Rocky – you don’t read enough English papers, let me quote a couple of things for you, the quotes are taken from articles which appeared on Google after I put in the expression “russians owning football clubs” – try it:-

 
“FOOTBALL IS being systematically carved up by moguls with clear or suspected roots in the former Soviet Union”, commented the right-wing Daily Mail (2 September 2012) in an exposé of football’s new round of dodgy deals. “Their mission is to corner the global market in talent.

 
MSI is being investigated in Brazil over concerns of money laundering. MSI is a subsidiary of a secret offshore company based in the Virgin Islands being investigated by Brazil’s organised crime taskforce after its takeover in 2004 of Corinthians, one of the giants of South American football.

 
According to a report obtained by The Guardian newspaper, “sufficient indices [exist] to show that the partnership MSI-Corinthians is being used to practice the laundering of money”. (14 September 2012) The report alleges that money was laundered on behalf of the Russian oligarch Boris Berezovsky

 
In 1988, as Perestroika opened up opportunities for entrepreneurs in the Soviet Union, Abramovich got a chance to legitimize his underworld business. He and Olga set up a company making dolls. “It brought success almost immediately,” says Olga. Due to his business acumen, within a few years his wealth spread from oil conglomerates to pig farms and he also started investing in other businesses. Abramovich set up and liquidated at least 20 companies during the early 1990s, in sectors as diverse as tire retreading and bodyguard recruitment. – Wikipedia. [Abramovitch owns Chelsea football club]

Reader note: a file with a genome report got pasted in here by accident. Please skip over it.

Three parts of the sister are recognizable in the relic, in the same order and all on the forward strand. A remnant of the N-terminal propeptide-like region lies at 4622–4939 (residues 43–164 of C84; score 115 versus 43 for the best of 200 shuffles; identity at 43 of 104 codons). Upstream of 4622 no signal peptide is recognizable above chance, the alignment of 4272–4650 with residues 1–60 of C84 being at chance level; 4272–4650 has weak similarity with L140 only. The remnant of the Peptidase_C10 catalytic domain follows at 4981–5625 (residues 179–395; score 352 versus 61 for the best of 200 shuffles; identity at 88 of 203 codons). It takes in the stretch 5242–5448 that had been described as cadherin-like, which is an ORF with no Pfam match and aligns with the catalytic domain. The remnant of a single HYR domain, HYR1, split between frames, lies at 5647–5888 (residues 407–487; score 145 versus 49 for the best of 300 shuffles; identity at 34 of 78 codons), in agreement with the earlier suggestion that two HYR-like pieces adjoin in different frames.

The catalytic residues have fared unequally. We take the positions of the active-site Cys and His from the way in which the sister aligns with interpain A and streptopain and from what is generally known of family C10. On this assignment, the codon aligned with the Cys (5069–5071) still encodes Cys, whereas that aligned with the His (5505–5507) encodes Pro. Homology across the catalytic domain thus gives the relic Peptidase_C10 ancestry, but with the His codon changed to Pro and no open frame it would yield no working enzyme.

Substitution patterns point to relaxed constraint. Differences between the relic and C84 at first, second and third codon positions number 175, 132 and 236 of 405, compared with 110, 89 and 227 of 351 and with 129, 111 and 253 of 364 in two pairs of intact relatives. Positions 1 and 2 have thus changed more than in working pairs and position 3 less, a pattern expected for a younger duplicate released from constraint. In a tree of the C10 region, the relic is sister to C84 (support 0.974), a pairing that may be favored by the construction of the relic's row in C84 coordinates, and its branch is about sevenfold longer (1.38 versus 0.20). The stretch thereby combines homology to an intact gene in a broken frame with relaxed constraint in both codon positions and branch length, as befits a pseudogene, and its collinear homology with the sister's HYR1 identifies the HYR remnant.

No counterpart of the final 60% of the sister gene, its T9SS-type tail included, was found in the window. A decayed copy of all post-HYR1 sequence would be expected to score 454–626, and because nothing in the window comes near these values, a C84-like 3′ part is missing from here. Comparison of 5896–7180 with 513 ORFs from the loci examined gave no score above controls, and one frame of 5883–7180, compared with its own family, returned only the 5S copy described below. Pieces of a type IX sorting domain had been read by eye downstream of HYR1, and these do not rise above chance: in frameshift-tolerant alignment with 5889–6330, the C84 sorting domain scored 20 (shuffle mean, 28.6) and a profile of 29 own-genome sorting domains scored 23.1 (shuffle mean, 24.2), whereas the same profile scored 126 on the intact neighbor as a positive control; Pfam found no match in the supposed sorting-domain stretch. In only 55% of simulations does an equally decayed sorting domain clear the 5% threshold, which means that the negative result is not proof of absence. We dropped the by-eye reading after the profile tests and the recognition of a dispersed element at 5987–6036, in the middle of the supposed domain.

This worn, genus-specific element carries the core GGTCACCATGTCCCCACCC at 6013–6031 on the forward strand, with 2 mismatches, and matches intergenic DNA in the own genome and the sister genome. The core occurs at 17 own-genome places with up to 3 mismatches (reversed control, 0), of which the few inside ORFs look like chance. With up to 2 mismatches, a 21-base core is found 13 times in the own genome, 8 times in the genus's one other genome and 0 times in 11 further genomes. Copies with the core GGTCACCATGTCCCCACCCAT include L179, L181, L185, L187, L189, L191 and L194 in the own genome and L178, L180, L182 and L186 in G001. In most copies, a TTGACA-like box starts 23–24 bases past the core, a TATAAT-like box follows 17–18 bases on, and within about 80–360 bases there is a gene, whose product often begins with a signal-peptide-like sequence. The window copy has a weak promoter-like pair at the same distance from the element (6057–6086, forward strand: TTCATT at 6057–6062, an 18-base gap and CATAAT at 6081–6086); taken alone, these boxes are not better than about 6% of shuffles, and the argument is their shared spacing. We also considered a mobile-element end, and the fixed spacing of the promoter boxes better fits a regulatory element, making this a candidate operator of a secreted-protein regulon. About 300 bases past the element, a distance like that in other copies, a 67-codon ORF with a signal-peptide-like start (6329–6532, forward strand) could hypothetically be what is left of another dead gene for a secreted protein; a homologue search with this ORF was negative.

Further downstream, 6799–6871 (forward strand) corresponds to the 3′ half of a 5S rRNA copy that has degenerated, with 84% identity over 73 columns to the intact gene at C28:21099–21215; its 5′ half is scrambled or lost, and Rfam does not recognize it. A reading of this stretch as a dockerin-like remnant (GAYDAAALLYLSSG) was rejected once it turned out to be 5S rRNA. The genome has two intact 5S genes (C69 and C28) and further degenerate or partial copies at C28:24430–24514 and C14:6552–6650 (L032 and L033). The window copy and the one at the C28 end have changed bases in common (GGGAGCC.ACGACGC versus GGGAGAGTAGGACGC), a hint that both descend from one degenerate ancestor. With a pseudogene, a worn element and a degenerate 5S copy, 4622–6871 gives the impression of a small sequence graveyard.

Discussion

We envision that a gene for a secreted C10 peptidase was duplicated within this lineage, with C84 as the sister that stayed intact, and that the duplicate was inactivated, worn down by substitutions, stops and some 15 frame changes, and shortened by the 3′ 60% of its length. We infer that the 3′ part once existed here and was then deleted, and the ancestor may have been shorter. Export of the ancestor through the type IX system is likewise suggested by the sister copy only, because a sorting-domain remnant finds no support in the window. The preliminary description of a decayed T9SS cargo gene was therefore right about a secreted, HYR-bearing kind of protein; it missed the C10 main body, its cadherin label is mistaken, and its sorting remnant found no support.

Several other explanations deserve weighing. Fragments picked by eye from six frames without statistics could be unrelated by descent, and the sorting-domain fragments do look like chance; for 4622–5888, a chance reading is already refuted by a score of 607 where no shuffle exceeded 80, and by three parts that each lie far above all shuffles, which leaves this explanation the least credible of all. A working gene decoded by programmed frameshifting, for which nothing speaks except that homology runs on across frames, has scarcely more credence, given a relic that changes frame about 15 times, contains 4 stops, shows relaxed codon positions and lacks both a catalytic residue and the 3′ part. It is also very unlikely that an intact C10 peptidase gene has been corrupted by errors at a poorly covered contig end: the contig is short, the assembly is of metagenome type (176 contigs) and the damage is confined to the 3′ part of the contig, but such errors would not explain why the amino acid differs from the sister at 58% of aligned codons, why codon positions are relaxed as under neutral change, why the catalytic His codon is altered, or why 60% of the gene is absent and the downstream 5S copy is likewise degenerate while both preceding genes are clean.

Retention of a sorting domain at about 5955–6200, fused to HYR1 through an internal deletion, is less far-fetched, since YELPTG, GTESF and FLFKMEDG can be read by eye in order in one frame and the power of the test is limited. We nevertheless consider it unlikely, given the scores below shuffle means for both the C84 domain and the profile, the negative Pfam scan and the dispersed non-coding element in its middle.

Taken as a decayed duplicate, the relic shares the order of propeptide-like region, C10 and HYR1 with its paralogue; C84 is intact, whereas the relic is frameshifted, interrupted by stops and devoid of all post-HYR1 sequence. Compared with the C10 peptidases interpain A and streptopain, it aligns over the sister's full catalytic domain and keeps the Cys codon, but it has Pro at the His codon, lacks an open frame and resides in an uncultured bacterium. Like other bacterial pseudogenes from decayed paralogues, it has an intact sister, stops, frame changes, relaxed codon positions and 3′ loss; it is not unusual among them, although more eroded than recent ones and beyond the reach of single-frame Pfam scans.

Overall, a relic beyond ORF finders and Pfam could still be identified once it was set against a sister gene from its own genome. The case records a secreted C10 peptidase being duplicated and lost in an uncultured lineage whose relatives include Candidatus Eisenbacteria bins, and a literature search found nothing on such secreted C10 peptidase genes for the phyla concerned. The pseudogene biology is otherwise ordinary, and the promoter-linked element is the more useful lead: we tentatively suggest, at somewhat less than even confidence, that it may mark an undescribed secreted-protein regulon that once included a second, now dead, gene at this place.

And, finally, Rocky, check out the unemployment levels in many of the European “liberal democracies” – Greece, for example 26.4%, Spain, 26.3% , Portugal 17.5%

Sally Norman •                        Keith. Removing the patrol ship gave Galtieri NO rights to invade. The Falklands were, and still are, British. She was right to retaliate. War is war and whether or not she gloated, she was 100% behind our soldiers which is more than can be said of Cameron and Blair.

 
As for your comment about reading too much right-wing propaganda, that comment sounds rather patronising, which I hope was not meant. I am old enough to remember the Red Robbo days and whilst I will agree about bad management, constant strikes were not the answer and merely play into the hands of those with the ultimate control. Britain was the laughing-stock of the world in the 70s and, like it or not, Mrs T ended that.

Keith Melton

Keith Melton •                        No – it was not meant to be patronising – I was merely being flippant – please accept my apologies. But the right-wing press did have a field day with “Red Robbo” as anyone can tell from his tabloid-derived nickname. And I remember having to explain to bemused foreigners that ‘not everyone supported Mrs Thatcher’ – usually gaining the response of a thankful sigh! But I guess that sort of thing depends upon your perspective.

 

Mine was as a radical Liberal, despite how apparently respectable I look now with my grey hair. By the way I did not say Galtieri had any RIGHT to invade, far from it. But the withdrawal was a strategic mistake that could and should have been avoided.

About Keith Melton - Green Lib Dem

Retired English liberal environmentalist living in Nottinghamshire; spent six years in Brazil. Author of Historical Novel - Captain Cobbler: the Lincolnshire Uprising 1536. Active member of the Green Liberal Democrats - (pressure group in Liberal Democrats) - was Founding Chair of GLD in 1988